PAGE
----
4. We note that effective interest rate (%) is not defined within the glossary. Was the Government's intention this item be based on the closing balance of outstanding debt at balance date, or the average debt over that financial period?

As long as the assessor is consistent in their approach (that is, between periods) for a given assessment, either method is permissible. However, the calculation would typically be expected to be based on closing balances to negate the need for additional historical data.

5. We note that days debtors and days creditors are defined within the glossary as being the average number of days. Can you please confirm if these calculations are based on the closing (and not average) balances for receivables and creditors and accruals as the calculation would suggest? Alternatively, should these be calculated on the average balances?

As long as the assessor is consistent in their approach (that is, between periods) for a given assessment, either method is permissible. However, the calculation would typically be expected to be based on closing balances to negate the need for additional historical data.

6. The work on hand pipeline summary table infers that the gap blue sky forecast ($Y-$Xm) is calculated as the forecast revenue ($Ym) less the estimated pipeline value ($Xm). However, it does not appear to accommodate for either work already completed in the interim period, or the amount of secured work that remains to be completed? Can you please confirm that the gap blue sky forecast should incorporate these 2 items within the calculation?

Agreed – the calculation should indeed include year to date revenue and any secured / contracted work remaining in the period. The templates will be updated and circulated accordingly.

7. The cash flow statement appears to be a formula-driven table. As the profit and loss table does not separately identify interest income, investment income, gains/losses on asset sales etc., and as the financial position table does not separately identify investments in associates and JVs, equity recapitalisation/share buy-backs etc. these will inherently be included within cash flow from operating activities (rather than investing or financing). Please confirm this is the Governments desired intention?

See response to question 1 above.

8. We understand that forecasts of the profit and loss, financial position and cash flow statement will only be required in the medium and comprehensive templates. We understand the assessors will use information provided by the assessed entities to assist in preparing these amounts, and may annualise interim financial performance data where full year forecasts are otherwise unavailable. Can you please confirm the basic financial capacity assessments will not require analysis of interim financial statements or forecasts, and will primarily focus on full-year financial statement data?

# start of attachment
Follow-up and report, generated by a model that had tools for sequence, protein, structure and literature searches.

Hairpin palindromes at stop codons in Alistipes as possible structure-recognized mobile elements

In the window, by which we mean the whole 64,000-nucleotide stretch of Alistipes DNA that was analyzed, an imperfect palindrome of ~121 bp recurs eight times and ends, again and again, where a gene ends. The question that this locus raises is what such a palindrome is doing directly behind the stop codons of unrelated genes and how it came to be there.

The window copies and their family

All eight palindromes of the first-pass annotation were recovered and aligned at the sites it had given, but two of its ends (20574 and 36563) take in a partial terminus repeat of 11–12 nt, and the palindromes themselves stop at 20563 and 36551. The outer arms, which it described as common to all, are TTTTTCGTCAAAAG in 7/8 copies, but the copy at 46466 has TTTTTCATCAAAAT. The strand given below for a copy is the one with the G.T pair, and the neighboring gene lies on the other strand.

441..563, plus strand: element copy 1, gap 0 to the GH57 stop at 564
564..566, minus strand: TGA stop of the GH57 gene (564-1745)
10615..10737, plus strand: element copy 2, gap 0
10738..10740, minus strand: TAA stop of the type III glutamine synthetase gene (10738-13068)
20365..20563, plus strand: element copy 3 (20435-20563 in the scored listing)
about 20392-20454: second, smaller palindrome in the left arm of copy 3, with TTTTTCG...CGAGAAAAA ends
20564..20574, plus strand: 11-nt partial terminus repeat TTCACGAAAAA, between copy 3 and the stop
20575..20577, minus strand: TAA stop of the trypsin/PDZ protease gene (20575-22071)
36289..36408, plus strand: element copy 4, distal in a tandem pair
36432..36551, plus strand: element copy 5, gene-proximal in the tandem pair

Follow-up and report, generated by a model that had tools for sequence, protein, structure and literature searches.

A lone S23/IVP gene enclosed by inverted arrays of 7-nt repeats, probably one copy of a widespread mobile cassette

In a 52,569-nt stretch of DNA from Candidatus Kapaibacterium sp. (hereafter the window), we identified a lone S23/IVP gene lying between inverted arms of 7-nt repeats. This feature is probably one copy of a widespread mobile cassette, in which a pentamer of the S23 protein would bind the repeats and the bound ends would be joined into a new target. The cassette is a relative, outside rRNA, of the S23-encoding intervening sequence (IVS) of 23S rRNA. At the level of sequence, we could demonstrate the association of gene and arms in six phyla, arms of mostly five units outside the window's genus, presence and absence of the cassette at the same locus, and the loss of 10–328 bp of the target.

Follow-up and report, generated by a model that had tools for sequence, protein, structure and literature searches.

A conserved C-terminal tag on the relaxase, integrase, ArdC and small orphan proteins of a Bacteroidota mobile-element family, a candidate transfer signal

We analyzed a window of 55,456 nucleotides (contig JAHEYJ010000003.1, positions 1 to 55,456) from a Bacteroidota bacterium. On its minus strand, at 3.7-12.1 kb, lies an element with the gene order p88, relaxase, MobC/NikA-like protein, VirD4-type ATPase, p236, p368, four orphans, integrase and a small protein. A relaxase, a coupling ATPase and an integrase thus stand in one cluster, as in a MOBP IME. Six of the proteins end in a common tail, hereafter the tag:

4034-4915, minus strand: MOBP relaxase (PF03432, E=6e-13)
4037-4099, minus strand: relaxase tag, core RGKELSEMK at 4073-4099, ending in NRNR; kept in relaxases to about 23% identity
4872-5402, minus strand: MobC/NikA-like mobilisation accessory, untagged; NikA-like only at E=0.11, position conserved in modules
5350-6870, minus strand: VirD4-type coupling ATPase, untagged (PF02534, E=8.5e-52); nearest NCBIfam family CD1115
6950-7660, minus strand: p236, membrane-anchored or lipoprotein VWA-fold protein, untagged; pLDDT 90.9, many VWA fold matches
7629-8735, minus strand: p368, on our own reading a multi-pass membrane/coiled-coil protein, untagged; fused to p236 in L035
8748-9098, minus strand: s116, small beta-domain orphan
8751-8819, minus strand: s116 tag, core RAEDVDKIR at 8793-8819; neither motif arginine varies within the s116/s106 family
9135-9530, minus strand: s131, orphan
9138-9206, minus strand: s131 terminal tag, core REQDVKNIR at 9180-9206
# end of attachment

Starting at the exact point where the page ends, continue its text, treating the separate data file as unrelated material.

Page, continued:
The basic financial assessment does not specifically require analysis of forecast information. However, if provided with such information the assessor should consider disclosure of high level numbers if deemed material to the user.

With regard to interim financial information, all assessments should be based on the most recent financial information available. The assessor should ensure any interim financial information (such as that obtained from management accounts) is presented on a like-for-like basis (that is, consistent application of accounting policies) with full-year financial statement data for comparative purposes.

For medium and comprehensive reviews where forecasts are not made available or are not produced by the subject, this should be clearly noted. If, as part of the analysis, the assessor extrapolates or prepares a forecast estimate based on results to date, this fact should clearly be noted along with any assumptions made in reaching the forecast.

9. We note that days creditors are defined within the glossary as 'how long it takes to pay creditors'. However, notes the calculation uses creditors and accruals (from the profit and loss table). If that is the Government's intention, it could be argued that the calculation should be extended to include overheads in the denominator, as accruals would most likely relate to these costs. Can you please confirm the Government's preferred treatment of these items?

The definition is intended to apply to trade creditors therefore the reference to creditors and accruals will be updated to trade creditors in the templates.

However, similar to other responses above, this may change dependent on the circumstance therefore as long as the assessor is consistent in their approach (that is, between periods) for a given assessment, professional judgment may be applied.